I did get a bit annoyed at Roslyn's constant tweeting and going into fits when she has no internet connection. The constant tweets to her sibling Jalen, who is genderqueer and uses the pronouns they/them (which just confuses the hell out of me; I'm used to "they" being plural), but since we never meet Jalen those interactions - if you can call them that - doesn't resonate much. 

 

This also needed another pass by an editor. Words were either missing or were misused a bit more than I can overlook, though it's not overwhelming. A good example is when one of the MCs is trying to have a conversation in German and not understanding anything, she says the other person notices their "incomprehensible faces." Erm, that should be "uncomprehending." I'm not sure what it would take for a face to be incomprehensible. Nose upside down? Mouth where the ears should be?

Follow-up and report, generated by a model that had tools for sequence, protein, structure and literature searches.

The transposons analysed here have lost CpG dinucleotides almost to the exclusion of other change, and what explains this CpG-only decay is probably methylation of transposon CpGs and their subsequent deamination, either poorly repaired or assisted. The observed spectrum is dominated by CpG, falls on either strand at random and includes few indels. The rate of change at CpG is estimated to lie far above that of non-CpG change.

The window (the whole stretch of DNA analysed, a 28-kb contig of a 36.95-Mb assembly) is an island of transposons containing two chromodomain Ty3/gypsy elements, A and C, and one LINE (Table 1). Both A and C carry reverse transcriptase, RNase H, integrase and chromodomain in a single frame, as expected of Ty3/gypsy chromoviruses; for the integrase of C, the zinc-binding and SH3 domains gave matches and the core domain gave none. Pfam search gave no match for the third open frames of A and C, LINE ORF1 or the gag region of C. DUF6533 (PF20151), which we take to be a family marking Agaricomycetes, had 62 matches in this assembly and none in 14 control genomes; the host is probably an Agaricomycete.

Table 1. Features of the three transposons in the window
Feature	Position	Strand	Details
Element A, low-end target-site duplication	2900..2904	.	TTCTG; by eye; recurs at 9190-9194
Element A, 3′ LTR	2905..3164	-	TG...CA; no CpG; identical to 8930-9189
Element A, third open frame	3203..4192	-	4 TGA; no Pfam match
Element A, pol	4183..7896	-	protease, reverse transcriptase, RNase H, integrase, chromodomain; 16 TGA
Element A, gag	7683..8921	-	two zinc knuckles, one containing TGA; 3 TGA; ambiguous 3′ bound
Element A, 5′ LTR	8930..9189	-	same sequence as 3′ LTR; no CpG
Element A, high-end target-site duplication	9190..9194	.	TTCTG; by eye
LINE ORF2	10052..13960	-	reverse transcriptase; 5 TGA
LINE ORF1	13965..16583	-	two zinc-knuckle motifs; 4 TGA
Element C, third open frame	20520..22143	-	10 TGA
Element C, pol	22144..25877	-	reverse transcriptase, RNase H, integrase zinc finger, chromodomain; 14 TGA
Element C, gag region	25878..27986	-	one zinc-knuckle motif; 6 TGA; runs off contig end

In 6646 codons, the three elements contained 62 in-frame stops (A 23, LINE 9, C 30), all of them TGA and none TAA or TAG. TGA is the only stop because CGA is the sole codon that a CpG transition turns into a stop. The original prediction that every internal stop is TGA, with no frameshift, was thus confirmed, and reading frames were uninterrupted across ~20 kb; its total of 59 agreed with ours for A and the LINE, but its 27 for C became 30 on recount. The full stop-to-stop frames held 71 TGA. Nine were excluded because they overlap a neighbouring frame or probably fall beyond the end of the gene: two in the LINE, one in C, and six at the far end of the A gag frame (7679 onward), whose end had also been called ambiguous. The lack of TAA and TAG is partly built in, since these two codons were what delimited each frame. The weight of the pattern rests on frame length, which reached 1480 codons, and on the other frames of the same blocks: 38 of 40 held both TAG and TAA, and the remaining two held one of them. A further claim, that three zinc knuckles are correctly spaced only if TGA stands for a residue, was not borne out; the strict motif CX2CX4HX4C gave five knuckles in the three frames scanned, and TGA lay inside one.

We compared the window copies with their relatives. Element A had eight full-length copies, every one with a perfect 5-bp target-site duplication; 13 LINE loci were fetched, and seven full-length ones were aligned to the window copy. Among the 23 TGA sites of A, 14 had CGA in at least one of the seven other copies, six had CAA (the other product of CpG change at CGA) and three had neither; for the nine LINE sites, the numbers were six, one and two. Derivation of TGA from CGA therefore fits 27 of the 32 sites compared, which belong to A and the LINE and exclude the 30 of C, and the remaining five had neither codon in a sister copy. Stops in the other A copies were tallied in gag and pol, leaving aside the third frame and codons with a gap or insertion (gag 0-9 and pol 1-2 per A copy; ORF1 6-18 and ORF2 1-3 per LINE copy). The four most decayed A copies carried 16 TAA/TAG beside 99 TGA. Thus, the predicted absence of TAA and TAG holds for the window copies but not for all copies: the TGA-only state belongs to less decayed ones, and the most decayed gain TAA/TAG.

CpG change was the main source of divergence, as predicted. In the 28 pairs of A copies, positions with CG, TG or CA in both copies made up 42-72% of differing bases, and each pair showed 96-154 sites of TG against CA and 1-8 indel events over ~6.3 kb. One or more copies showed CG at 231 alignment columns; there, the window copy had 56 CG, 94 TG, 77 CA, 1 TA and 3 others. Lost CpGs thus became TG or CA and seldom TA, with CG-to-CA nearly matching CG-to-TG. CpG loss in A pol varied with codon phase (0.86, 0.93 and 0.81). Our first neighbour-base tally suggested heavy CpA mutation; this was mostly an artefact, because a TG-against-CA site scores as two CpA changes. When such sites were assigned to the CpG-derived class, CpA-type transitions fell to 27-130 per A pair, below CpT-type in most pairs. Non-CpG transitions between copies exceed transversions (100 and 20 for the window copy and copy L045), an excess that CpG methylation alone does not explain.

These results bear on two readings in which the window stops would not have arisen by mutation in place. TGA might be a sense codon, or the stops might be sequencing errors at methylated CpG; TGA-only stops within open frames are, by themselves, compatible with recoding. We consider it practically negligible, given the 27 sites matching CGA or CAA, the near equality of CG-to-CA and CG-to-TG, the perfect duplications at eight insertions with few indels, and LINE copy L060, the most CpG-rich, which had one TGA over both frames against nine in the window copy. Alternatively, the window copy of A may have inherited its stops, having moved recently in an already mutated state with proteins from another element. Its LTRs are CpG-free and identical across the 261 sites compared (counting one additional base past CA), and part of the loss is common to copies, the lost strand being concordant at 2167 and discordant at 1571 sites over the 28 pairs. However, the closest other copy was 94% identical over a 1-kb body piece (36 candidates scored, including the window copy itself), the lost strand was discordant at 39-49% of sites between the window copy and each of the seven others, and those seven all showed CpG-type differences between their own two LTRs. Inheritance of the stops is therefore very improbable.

Overall, a fun little story. I got a good chuckle at some of their TSTL antics (few and far between). I did wish it had a bit more depth, but for a light read it worked.

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review 2018-12-26 02:03
Machine Metal Magic (Mind + Machine #1)
Machine Metal Magic (Mind + Machine #1) - Hanna Dare

I saw this described as Firefly-inspired sci-fi, and while I don't normally read sci-fi, I'm a huge Firefly fan so I had to give this one a try. There is certainly a strong Firefly influence, with a good dose of Skynet from Terminator. Basically, in a dystopic future, the machines have turned against humanity, pushing humans off Earth and out into the universe, where we've made a survival/living for ourselves in a system with moons we can populate and hide from the machines, here called the Singularity.